exchange is made for other real property, or any interest or right therein, in close proximity thereto which the commissioner deems of equal or superior useful value for present or presently foreseeable future highways purposes. In making exchanges the division may make allowances for differences in the value of the properties being exchanged and may move or pay the cost of moving buildings, structures, or appurtenances in connection with the exchange.
         Every such sale of real property, or any interest or right therein or structure thereon, shall be at public auction in the county in which the real property, or the greater part thereof in value, is located, and the division shall advertise, by publication or otherwise, the time, place, and terms of the sale at least twenty days prior thereto. The property shall be sold in the manner which will bring the highest and best price therefor. The division may reject any or all bids received at the sale. The commissioner shall keep a record, open to public inspection, indicating the manner in which such real property, or any interest or right therein or structure thereon, was publicly advertised for sale, the highest bid received therefor and from whom, the person to whom sold, and payment received therefor. The record shall be kept for a period of five years and may thereafter be destroyed.
         The commissioner may transfer, sell, or otherwise dispose of any right-of-way properties or any interest or right therein, owned by or to be acquired by the division of highways which the commissioner in his or her sole discretion shall determine are not necessary or desirable for present or presently foreseeable future highways purposes by first offering the same to the principal abutting landowners without following the procedure for public auction hereinbefore set forth in this section.
         The commissioner shall adopt and promulgate rules in accordance with the provisions of article three, chapter twenty-nine-a of this code governing and controlling the making of any leases or sales pursuant to the provisions of this section, which rules may provide for the giving of preferential treatment

in making leases to the persons from whom the properties or rights or interests therein were acquired, or their heirs or assigns and shall also provide for granting a right of first refusal to abutting landowners at fair market value in the sale of any real estate or any interest or right therein owned by the division of highways.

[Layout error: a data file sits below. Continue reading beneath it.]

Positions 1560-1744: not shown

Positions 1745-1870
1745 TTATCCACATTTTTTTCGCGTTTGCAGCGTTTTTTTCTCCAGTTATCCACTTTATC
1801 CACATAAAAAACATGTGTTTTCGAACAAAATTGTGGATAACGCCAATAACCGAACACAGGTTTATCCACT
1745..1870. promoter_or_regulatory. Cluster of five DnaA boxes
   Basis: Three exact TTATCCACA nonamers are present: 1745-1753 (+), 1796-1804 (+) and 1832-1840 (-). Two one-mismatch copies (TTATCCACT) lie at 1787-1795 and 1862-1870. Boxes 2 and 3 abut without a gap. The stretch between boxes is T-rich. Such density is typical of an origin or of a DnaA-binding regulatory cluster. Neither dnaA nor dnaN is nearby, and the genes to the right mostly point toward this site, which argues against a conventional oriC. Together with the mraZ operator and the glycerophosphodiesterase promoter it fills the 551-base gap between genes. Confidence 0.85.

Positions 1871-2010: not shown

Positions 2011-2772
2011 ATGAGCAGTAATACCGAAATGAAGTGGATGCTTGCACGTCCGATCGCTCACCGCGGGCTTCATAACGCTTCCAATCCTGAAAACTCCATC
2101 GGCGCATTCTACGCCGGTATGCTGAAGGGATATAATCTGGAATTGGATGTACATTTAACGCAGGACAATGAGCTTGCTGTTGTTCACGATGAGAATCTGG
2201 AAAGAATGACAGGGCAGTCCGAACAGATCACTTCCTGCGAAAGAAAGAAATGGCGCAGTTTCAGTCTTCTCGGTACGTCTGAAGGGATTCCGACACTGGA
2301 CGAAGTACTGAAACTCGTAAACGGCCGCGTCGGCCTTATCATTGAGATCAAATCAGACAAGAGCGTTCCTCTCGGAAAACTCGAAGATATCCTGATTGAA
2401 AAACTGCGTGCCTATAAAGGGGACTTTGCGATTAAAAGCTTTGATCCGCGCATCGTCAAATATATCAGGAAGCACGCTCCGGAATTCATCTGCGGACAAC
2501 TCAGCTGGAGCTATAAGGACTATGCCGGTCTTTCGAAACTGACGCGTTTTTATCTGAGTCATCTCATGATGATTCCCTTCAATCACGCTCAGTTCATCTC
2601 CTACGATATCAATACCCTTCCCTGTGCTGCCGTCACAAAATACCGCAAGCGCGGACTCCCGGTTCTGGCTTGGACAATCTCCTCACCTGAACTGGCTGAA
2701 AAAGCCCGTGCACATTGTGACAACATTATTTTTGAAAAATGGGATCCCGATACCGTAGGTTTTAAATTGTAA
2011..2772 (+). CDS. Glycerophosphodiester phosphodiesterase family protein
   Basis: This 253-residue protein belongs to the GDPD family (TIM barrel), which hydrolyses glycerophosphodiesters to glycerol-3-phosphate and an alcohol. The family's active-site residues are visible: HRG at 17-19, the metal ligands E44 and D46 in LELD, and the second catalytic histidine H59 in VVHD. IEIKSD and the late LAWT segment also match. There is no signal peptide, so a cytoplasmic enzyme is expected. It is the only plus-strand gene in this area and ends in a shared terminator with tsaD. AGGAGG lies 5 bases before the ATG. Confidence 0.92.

Notwithstanding any other provision of this section to the contrary, with respect to real property acquired subsequent to the year one thousand nine hundred seventy-three for highways purposes through voluntary real estate acquisition or exercise of the right of eminent domain, which real estate the commissioner has determined should be sold as not necessary for highways purposes, the commissioner shall give preferential treatment to an abutting landowner if it appears that:
             (1) A principal abutting landowner is an individual from whom the real estate was acquired or his or her surviving spouse or descendant. In order to qualify for preferential treatment, the surviving spouse or descendant need not be a beneficiary of the individual. The terms used in this subdivision are as defined in section one, article one, chapter forty-two of this code; and
             (2) The primary use of the abutting property has not substantially changed since the time of the acquisition.
         When the foregoing conditions are met, the commissioner shall offer the property for sale to the principal abutting landowner at a cost equal to the amount paid by the division of highways in acquiring the real estate: Provided, That if improvements on the property have been removed since the time of the acquisition, the cost shall be reduced by an amount attributable to the value of the improvements removed: Provided, however, That the cost may be adjusted to reflect interest at a rate equal to the increase in the consumer price index for all urban consumers as reported by the United States department of labor since the time of disbursement of the funds.

         The commissioner may insert in any deed or conveyance, whether it involves an exchange, lease, or sale, the conditions as are in the public interest and have been approved in advance by the governor.
         All moneys received from the exchange, sale, or lease of real property, or any right or interest therein, shall be paid into the state treasury and credited to the state road fund.
         Notwithstanding the provisions of this section, property shall not be transferred, sold or otherwise disposed of unless the commissioner finds that the right-of-way or other property has no significant value to the state as a hiking trail and does not serve as a link between two or more state owned properties, except that any such property that lies within six hundred feet of any dwelling house may be transferred, sold or otherwise disposed of without such a finding pursuant to the provisions of this section.


Footnote: 2     2 The title to the 1988 enactment states (with emphasis added):
         AN ACT to amend and reenact section nineteen, article two-a, chapter seventeen of the code of West Virginia, one thousand nine hundred thirty-one, as amended, relating generally to the authority of the commissioner of highways with respect to the sale, lease, exchange or lease of certain real property acquired by the West Virginia department of highways; sale, lease or use of former railroad rights-of-way and those properties which were formerly used as turnpikes and in which the department of highways has a property interest; and permitting those properties to be first sold to abutting property owners without the necessity of public auction.

Acts of the Legislature of West Virginia (1988), chapter 110.


Footnote: 3     3 U.S. Const., amend. XIV, states in pertinent part, with emphasis added:
        All persons born or naturalized in the United States, and subject to the jurisdiction thereof, are citizens of the United States and of the State where they reside. No State shall make or enforce any law which shall abridge the privileges or immunities of citizens of the United States; nor shall any State deprive any person of life, liberty, or property, without due process of law; nor deny to any person within its jurisdiction the equal protection of the laws.


Footnote: 4     4 W.Va. Const., art. III, 10 states:
         No person shall be deprived of life, liberty, or property, without due process of law, and the judgment of his peers.
We stated in Syllabus Point 4 of Israel by Israel v. West Virginia Secondary Schools Comm'n, 182 W.Va. 454, 388 S.E.2d 480 (1989) that our "constitutional equal protection principle is a part of the Due Process clause" found in W.Va. Const., art. III, 10.